Is Brexit king Nigel Farage the answer to Tory woes?

LONDON — Liz Truss’ latest big idea to save Britain is to rope in Nigel Farage. Not everyone is convinced.

Speaking in the United States last week, Britain’s shortest-lived prime minister suggested Britain’s Mr. Brexit — once a thorn in Tory sides — should be brought into the fold to “help turn our country around.” Her suggestion came just weeks after he turned up at the launch of her new Popular Conservatives group

The outspoken and controversial Farage is currently honorary president of upstart rival party Reform, having been a leading figure in the campaign for Britain to leave the European Union. A surge in support for his former UK Independence Party (UKIP) in the early 2010s was widely credited as a factor in then-PM David Cameron’s decision to hold the Brexit referendum in 2016. 

The euroskeptic former MEP quit frontline politics in 2021 claiming he had achieved what he wanted thanks to the Conservatives’ Brexit deal. 

But Farage has continued to cultivate his public profile, carving out a lucrative presenting career on Britain’s right-leaning start-up TV channel GB News, where he often uses his nightly weekday show to criticize Britain’s current political leaders for not being tough enough on issues including immigration and taxation. He also had a starring role on the popular reality show “I’m a Celebrity Get Me Out of Here.”

Now, amid atrocious poll ratings ahead of this year’s general election, some Conservatives are actively courting the populist Farage, believing he could win back Tory voters considering defecting to his Reform UK Party or just staying home. 


For more polling data from across Europe visit POLITICO Poll of Polls.

It did not go unnoticed that Farage was hailed like a rock star by delegates at the Conservatives’ annual conference in Manchester last year when he gained entrance as an anchor for GB News.

“I’ve always regarded Nigel as a Tory,” said David Campbell Bannerman, a former MEP who defected from UKIP to the Conservatives in 2011. He is a “low tax, strong defense, strong law and order, small state conservative” who would “be a good fit,” he claims.

Farage could even become the party’s immigration spokesman after the election, Campbell Bannerman suggested.

The Reform president has not ruled out a return to the party he left in 1993, but has made it clear it would not be under current Prime Minister Rishi Sunak’s leadership.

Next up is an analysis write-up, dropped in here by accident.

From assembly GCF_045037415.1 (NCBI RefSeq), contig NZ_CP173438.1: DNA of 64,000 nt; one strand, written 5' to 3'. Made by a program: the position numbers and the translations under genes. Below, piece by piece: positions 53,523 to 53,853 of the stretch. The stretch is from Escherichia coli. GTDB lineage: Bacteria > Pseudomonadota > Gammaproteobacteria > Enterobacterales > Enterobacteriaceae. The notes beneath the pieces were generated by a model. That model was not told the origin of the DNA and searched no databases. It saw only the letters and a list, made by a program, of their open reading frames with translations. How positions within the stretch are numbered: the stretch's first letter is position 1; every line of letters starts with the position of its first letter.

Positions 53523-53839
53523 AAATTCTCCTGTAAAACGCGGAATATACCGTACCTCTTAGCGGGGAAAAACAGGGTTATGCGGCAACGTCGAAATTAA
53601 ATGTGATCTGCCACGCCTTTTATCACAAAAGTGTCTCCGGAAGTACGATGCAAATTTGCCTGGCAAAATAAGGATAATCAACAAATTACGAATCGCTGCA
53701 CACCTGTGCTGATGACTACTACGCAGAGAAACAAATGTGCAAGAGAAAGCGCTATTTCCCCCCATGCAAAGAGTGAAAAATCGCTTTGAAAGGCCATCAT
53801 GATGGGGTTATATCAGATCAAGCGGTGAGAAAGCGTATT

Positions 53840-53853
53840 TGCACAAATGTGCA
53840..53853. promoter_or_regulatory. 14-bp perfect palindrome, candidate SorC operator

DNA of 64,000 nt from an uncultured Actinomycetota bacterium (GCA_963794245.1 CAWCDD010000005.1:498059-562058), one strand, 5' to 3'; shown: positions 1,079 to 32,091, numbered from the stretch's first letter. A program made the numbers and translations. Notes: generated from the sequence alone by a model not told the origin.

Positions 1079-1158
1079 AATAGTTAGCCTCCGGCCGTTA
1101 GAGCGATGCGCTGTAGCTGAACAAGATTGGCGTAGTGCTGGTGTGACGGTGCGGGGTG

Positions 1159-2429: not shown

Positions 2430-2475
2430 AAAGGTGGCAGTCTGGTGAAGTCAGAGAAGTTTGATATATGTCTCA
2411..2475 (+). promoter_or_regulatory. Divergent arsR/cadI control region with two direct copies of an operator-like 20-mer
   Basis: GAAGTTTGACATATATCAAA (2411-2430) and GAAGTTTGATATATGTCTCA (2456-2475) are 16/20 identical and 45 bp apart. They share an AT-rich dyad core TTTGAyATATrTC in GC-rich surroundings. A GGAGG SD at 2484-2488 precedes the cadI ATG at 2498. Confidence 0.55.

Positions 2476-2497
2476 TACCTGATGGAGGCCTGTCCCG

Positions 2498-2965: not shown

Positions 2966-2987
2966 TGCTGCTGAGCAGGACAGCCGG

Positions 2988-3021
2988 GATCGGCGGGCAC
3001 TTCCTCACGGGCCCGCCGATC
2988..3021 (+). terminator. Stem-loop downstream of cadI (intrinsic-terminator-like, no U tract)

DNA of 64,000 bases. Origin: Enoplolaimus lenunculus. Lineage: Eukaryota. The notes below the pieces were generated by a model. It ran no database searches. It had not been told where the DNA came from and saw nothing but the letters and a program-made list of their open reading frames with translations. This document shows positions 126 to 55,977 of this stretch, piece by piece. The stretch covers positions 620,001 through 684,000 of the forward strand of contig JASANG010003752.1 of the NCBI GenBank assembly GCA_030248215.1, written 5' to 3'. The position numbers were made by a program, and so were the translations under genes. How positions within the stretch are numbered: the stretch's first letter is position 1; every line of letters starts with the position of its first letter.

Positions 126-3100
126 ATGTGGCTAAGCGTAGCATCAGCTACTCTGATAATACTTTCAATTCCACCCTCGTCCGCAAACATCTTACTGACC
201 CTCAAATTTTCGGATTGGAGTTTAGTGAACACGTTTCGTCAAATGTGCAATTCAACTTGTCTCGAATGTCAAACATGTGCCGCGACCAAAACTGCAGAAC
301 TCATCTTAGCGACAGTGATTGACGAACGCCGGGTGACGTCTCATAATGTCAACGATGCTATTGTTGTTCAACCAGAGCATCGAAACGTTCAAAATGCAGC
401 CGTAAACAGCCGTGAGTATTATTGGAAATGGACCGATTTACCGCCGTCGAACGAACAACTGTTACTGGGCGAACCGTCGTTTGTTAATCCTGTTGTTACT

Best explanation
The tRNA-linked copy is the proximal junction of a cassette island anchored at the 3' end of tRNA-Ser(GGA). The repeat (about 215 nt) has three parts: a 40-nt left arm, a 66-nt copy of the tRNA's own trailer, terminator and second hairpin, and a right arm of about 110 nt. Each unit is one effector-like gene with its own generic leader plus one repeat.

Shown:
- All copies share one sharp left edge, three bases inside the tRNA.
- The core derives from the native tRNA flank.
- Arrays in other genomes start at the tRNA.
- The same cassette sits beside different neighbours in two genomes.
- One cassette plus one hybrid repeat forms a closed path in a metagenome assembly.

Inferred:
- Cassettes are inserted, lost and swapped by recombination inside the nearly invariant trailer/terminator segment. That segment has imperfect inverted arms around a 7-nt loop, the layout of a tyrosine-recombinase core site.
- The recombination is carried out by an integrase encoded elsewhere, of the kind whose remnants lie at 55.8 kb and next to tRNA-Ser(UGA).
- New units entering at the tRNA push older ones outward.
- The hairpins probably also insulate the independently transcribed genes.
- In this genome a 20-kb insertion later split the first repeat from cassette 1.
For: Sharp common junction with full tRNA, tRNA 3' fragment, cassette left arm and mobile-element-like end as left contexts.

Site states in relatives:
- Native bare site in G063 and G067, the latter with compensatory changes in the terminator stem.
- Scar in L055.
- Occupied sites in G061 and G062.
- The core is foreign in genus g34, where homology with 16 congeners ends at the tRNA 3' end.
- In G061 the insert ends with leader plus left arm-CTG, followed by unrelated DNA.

Risky business

Ministers, pollsters and strategists are less convinced of the merits of embracing Farage.

“While bringing Nigel Farage into the Tory fold would gain the Tories some votes on the right, he would likely lose votes on the center-right, putting seats in places like the Blue Wall at risk,” warned Luke Tryl, U.K. director of the public opinion research consultancy More in Common, referencing more affluent Conservative seats in the south of England.

Liz Truss’ latest big idea to save Britain is to rope in Nigel Farage. Not everyone is convinced | Leon Neal/Getty Images

“More than that it is likely that Farage’s dominant personality and tendency towards saying the inflammatory and extreme would make message discipline impossible, and risk furthering the sense of Tory division that has proved so toxic with the electorate in recent years,” he added.

One former Tory strategist involved in the 2016 Brexit referendum campaign, granted anonymity because they are not authorized to speak on the record in their new role, was even more scathing. 

“The fact there are some Tories, even those as deluded as Truss, seriously considering this, tells you how much there is a vacuum of ideas in the Conservative Party,” they said.

While some in the party would welcome his return, the former strategist warned that “for [Farage] to feel at home with the Conservative Party, it would have to look like a Conservative Party which a lot of other people don’t feel comfortable in.”

For other Conservatives, embracing an old enemy would just be too hard. 

Explaining why he would not support a Farage return, Deputy Prime Minister Oliver Dowden, a close ally of Sunak, told the BBC: “I, like many hundreds and thousands of Conservatives up and down the country, have spent many years campaigning against parties led by Nigel Farage.”

With the election coming up, some people discuss whether Farage would be a positive or negative force | Peter Summers/Getty Images

The case for Farage

With an election looming, and Tories searching for solutions to their current electoral malaise, the Farage question is unlikely to go away. 

Current Cabinet minister and former GB News presenter Esther McVey told the channel earlier this month that Farage should have been given a seat in the House of Lords after Brexit, describing herself as a “fan” who wanted to see him being a “positive force.”

“If you’re going to say make or break the Conservative Party, of course I’d want him to make the Conservative Party,” she added.

Another GB News presenter, the former Tory Cabinet minister Jacob Rees-Mogg, said Farage was “essentially a Conservative in most of his views.”

Focus groups suggest Farage still holds popular appeal.

“He was a mastermind over Brexit. People voted with Farage and, yeah, if they brought him back, they would get more votes,” a social worker called Ryan in the Midland market town of Wellingborough told More in Common researchers studying potential Reform voters earlier this month.

In January in Grimsby, a wind turbine technician called Jordan lamented what he described as the Tories being  “very detached” from “working class people,” adding he thought Farage “gets it a bit more.”

For all the likely drawbacks, it’s comments like this that keep Farage on the minds of Britain’s ailing Conservatives.